• Fund Complexes – The funds that don’t downsize and/or specialize, the ones that remain large, will likely need to become multi-asset class and global to be able to generate the required returns on their capital. Funds such as Sequoia, Summit Partners and Ignition Partners are offering access to some or all of the following: seed, early-stage VC, late-stage VC, growth equity capital, PE, mezzanine debt and public equity capital. And they are making investments not only in the U.S. and Europe, but also in China, India and Israel.
The VC community will likely end up looking much like the commercial banking and investment banking industries – some very large and global players with broad product offerings, and a lot of smaller focused boutique firms that have specialization as their competitive differentiations. The large funds will be more than $1 billion, and the small funds will be between $200 million and $250 million. We’ve learned from the commercial banking and investment banking experience that large and small firms can be very successful, but firms that fall into the middle – that are neither large nor small – won’t be able to generate attractive returns on capital.
The VC world looks extremely dark right now – and we haven’t even seen the worst fallout from the current financial cycle yet. But venture capital will somehow find a way to revive and renew itself.
It always has.
Ever since ADR, the first U.S. venture capital firm, was formed by Georges Doriot in 1946, innovation has been efficiently energized and capitalized in this country. The stagflation of the late 1970’s severely challenged VC’s and the Internet Bubble almost wiped many of them out. Now the industry is a much diminished version of its turn-of-the-century self. Yet when I look ahead, I see the top-tier VC firms – the winning 20 percent – continuing to pick winning companies with winning ideas. That’s more than comforting and sure to stimulate the economic growth this country needs to keep pace in the relentless global marketplace.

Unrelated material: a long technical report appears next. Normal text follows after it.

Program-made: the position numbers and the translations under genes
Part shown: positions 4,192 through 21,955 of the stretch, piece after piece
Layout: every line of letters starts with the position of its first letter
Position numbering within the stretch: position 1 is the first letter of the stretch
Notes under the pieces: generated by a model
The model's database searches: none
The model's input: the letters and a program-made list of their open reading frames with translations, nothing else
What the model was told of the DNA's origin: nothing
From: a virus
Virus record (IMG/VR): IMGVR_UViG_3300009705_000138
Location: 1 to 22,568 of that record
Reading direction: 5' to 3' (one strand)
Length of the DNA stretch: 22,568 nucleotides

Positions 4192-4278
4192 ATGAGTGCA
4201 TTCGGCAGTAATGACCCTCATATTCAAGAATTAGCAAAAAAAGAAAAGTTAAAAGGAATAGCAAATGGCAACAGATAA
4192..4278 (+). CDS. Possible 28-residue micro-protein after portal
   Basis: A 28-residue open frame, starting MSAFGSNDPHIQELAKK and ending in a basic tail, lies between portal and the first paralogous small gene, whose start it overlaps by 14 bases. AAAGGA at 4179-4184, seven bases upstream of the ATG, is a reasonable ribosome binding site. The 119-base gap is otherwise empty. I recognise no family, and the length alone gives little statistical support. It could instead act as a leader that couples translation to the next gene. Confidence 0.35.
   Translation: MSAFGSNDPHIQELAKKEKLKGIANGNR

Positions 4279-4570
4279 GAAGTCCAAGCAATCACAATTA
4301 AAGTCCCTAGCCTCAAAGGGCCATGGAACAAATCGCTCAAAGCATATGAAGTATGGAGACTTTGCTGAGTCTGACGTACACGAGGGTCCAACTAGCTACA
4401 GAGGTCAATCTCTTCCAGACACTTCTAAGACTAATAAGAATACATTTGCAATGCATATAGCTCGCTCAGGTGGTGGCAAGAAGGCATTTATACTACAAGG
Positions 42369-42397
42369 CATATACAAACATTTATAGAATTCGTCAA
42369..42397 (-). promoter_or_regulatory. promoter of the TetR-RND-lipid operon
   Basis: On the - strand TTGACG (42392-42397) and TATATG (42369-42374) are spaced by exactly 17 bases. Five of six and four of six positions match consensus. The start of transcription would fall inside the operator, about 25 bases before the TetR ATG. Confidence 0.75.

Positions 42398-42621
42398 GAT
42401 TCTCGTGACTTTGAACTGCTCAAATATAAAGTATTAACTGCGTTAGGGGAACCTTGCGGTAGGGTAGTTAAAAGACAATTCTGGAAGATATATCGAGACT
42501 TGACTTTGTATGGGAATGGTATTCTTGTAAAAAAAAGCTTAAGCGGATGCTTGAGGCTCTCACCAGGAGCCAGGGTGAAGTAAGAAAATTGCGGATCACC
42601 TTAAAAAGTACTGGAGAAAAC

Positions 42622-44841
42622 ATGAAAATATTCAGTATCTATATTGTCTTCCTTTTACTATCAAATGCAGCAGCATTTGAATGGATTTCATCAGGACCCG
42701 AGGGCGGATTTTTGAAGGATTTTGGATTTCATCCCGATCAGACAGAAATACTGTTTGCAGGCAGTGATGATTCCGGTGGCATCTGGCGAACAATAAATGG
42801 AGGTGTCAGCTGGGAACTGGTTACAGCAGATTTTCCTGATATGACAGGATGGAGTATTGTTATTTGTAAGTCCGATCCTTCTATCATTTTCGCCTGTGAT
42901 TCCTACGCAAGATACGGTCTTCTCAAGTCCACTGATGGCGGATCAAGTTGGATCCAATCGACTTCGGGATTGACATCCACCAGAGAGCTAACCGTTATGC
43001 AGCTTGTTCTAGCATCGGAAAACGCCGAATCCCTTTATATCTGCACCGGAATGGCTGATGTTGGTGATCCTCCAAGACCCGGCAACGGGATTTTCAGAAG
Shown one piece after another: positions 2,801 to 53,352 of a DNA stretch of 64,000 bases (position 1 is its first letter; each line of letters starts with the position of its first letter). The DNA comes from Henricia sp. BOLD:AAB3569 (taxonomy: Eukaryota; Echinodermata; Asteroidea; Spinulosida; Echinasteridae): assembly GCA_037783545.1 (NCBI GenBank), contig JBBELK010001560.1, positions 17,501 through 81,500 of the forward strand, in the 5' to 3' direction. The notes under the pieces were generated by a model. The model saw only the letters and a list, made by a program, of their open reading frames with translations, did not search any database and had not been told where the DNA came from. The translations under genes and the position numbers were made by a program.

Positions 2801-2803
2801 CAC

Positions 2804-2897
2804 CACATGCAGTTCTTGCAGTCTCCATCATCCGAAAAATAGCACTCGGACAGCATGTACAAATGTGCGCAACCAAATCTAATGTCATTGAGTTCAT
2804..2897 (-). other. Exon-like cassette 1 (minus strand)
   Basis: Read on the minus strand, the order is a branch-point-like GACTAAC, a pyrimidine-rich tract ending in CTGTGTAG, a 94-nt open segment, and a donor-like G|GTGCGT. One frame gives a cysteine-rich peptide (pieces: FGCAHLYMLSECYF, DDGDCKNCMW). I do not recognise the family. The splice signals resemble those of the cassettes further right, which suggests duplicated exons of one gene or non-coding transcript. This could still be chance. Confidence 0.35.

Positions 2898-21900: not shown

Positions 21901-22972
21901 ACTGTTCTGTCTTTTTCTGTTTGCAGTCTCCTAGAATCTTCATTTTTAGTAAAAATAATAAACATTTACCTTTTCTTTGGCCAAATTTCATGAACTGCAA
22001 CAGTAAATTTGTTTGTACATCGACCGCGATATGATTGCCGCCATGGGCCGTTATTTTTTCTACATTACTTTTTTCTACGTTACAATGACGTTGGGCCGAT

Having gone through the pain of unlearning (not by choice) how to write with pen and paper, I am again going through another annoying technology related development. To be a bit more specific, I completely lost the feeling for writing. I have basically been using keyboards non-stop since 1992 or so and I believe the last time I wrote more than a page of anything was senior year of high school. Now, when I actually try to sit down and write something, my writing is almost illegible and I really have to strain to write. It's so slow and awkward. I don't have the need to really write long text anymore but here and there it's nice to write a personal letter or note to someone. I avoid this because my writing looks like a three year olds chicken scratch.
Now, thanks to Microsoft, I've realized spelling is suffering as well. With Office 2007 and Windows XP, you have auto-correct features in your browser and all Office applications. I don't even bother anymore when typing to really pay attention to spelling. When I finish a paragraph or page, I simply look what's underlined in red, right-click and there you have it: the correct spelling, one click away. Don't get me wrong, I love this feature. At the same time, I realized recently that if I don't have auto-correct available I make many more errors than I would have earlier. It was simply then a matter of paying more attention. Now you don't have to.
This is more of an observation than a concern yet at the same time, I wonder what will be the situation in 10 years? Will future generations at some point simply forego writing completely? Will peoples' spelling really suffer? This will be an interesting trend to follow especially considering all kinds of further advances in technology.